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How the Push for Inclusion in Law Firm Hiring Can Carve a Path for Female Talent

KAREN KAPLOWITZ ABAJOURNAL.COM

There is a fierce battle for talent underway in American law firms that could benefit women lawyers. According to Citi Private Bank, starting in 2017, law firms added more equity partners through lateral hires than from internal promotions. Citi called the phenomenon “a fundamental shift in how firms plan to drive revenue growth in the years ahead.” Because firms are competing to recruit the best talent away from other firms, employers should have stronger incentives than ever to retain their most valued lawyers and to discourage them from looking for greener pastures at other firms or in-house.

At the same time, clients are demanding that law firms staff their matters with more diverse teams. In January 2019, the general counsel and chief legal officers of 170 companies published an open letter to big law firms stating that their companies will prioritize their legal spend on law firms that commit to diversity and inclusion. Since then, the group has continued its advocacy for more diversity.

These factors have created a marketplace in which successful women lawyers have more bargaining power than ever before. In fact, we are already seeing effects that prove the point. The 60 firms on the 2019 Working Mother Best Law Firms for Women list averaged 37 percent women among new equity partners, compared with only 27 percent women five years ago. The percentage of women lawyers in the ranks of the Best Firms’ most highly compensated partners also jumped from 11 percent in 2014 to 15 percent in 2019.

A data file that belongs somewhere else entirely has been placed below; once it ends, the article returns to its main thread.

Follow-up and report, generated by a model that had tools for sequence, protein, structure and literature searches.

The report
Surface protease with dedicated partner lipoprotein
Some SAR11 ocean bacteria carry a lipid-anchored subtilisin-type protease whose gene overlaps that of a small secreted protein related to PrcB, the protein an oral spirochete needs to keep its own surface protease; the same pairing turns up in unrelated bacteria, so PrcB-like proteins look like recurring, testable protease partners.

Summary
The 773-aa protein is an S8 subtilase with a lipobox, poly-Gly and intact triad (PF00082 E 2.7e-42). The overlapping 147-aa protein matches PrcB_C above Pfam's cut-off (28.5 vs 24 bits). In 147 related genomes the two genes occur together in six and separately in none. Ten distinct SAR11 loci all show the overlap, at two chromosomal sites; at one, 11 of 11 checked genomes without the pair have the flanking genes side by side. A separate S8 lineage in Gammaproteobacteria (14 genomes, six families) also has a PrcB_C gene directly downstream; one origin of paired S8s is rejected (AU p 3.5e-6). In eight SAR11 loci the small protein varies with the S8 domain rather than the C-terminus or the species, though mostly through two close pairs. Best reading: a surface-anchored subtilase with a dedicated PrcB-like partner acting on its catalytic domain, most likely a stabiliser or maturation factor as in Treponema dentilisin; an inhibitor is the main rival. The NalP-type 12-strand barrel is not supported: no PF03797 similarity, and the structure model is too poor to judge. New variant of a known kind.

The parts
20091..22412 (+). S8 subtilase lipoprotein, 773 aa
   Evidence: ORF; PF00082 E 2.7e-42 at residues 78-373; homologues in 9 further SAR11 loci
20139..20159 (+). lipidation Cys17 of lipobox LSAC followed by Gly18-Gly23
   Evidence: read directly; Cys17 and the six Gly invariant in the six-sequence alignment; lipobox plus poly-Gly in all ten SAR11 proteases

The impact on women lawyers

1. Women have more clout than in the past. The women who will benefit the most from the battle for talent will be the ones who are highly productive. Keith Wetmore, a managing director at recruiting giant Major, Lindsey & Africa and former chair of Morrison & Foerster, says women must make themselves “the lawyers who drive the economics of their firms.” He advises women to be wary about nonbillable time. “Don’t feel obliged to volunteer every time to chair the summer program or other committees,” Wetmore says.

2. Women might more readily change firms when there is evidence they are being treated unfairly,such as the increasing data on gender pay disparity. Major, Lindsey & Africa’s 2018 Partner Compensation Survey reported a 53 percent difference between male and female partner compensation. MLA said that only some of that can be explained by differences in originations, credits to the lawyers who bring in client work and hourly rates. The rest might point to underlying bias. If women lawyers are uncertain about whether their firms are treating them fairly, Wetmore encourages them to test the market by talking to recruiters or contacts at other firms. Doing so is not a commitment to make a lateral move and is not evidence of infidelity. By testing the market, women can confirm that their current firm is treating them reasonably well and feel better about staying put. They might also get data to negotiate a fairer deal with their current firm. Information is power, especially in a highly competitive marketplace.

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